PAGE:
It looks like Theresa May and Donald Trump have made up

  • It looks like Theresa May and Donald Trump have made up

It looks like Theresa May and Donald Trump have made up

President Donald Trump and Prime Minister Theresa May spoke for the first time since a row over his retweets of a British extremist group, addressing vexing questions about Brexit and Middle East peace Tuesday. However, neither the Downing Street nor the White House account of Monday's call mentioned a presidential visit.

Mrs May said last month the President had been "wrong" to retweet the three videos posted on Twitter by Britain First. "We are doing just fine!"

The relationship between Trump and May has also been frayed by the president's Jerusalem decision, a break with overwhelming worldwide sentiment that the city's status should be decided through negotiations between Israel and the Palestinians.

No 10 described his actions as wrong which prompted the United States president, in return, to chastise Mrs May on Twitter and urge her to focus her attention on tackling Islamic extremism.

In a statement issued following this afternoon's call, a Downing Street spokesperson said the Prime Minister "began by offering her condolences over the loss of life in the bad train crash in Washington state".

British Prime Minister Theresa May and President Trump agreed in a phone call Tuesday that the USA must bring forward "new proposals for peace" in the Middle East in the wake of the US recognizing Jerusalem as the capital of Israel.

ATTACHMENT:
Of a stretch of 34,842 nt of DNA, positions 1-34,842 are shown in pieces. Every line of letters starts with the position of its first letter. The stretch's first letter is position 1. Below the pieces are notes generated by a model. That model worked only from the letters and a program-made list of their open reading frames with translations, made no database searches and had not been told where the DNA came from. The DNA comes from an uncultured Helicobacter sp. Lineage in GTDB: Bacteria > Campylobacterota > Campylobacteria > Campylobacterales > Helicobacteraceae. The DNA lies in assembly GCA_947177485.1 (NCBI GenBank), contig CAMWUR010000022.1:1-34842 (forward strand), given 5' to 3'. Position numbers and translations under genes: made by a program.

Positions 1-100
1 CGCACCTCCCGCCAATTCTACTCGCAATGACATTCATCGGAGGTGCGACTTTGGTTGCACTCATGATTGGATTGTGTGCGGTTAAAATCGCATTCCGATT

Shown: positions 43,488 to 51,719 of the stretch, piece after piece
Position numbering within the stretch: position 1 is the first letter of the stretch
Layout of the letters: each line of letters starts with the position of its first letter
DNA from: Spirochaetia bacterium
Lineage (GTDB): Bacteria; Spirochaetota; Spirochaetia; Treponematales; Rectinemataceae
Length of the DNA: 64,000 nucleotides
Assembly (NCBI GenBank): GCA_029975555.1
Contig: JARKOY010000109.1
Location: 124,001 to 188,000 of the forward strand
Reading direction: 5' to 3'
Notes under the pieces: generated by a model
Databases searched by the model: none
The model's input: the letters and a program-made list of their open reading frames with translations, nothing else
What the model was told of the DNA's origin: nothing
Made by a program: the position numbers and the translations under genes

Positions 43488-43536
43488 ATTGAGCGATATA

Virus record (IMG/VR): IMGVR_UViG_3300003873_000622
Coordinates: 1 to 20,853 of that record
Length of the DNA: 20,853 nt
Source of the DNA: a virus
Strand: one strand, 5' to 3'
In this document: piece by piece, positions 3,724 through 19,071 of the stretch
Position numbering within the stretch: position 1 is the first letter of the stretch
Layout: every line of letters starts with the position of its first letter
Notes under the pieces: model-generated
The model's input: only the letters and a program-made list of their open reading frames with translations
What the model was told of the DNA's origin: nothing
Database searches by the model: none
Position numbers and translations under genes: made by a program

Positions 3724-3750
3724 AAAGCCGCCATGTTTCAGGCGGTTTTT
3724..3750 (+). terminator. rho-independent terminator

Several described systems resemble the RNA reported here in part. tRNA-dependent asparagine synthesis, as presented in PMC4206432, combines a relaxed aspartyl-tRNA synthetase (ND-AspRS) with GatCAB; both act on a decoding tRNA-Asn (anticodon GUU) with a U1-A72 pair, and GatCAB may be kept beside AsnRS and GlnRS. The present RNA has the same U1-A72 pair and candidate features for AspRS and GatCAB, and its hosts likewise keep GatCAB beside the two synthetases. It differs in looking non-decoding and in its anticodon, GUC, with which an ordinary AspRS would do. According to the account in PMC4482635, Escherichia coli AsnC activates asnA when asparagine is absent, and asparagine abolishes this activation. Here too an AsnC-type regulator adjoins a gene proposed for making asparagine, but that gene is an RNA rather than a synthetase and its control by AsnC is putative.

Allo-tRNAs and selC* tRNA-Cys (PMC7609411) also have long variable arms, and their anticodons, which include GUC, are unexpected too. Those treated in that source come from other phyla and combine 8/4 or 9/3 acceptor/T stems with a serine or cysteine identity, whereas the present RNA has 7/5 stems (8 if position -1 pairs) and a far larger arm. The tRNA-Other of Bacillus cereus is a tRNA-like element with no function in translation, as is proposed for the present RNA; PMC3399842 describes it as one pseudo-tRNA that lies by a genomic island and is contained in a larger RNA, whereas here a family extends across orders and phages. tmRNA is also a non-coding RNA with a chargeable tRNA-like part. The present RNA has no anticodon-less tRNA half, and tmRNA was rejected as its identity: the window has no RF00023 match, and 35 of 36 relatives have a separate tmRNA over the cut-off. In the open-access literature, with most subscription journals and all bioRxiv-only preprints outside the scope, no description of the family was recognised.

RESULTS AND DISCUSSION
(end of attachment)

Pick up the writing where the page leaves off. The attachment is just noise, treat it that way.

Mr Trump noted the UK had backed a United Nations Security Council resolution, vetoed by the U.S., which rejected the recognition of Jerusalem as the capital of Israel.

Downing Street said May reported on progress in Brexit talks and the president and prime minister "wished each other a very Merry Christmas and looked forward to keeping in close touch".

The country has been subjected to a brutal bombing campaign headed by the Saudi Arabian military, which has been armed by British defence firms.

May criticized Mr. Trump for retweeting videos depicting Muslim violence, the leaders discussed their "different positions" on Jerusalem, the prime minister's office said in a statement.

Soon after he took office in January, Mr Trump was invited on a state visit to the United Kingdom but no date has been set for the trip amid criticism from MPs of the president's conduct and stance on key issues.

The Prime Minister made no mention of the Twitter row which sparked fresh calls for Mr Trump to be banned from Britain.

May updated the President on Brexit negotiations, while he described the progress he's made on his economic agenda.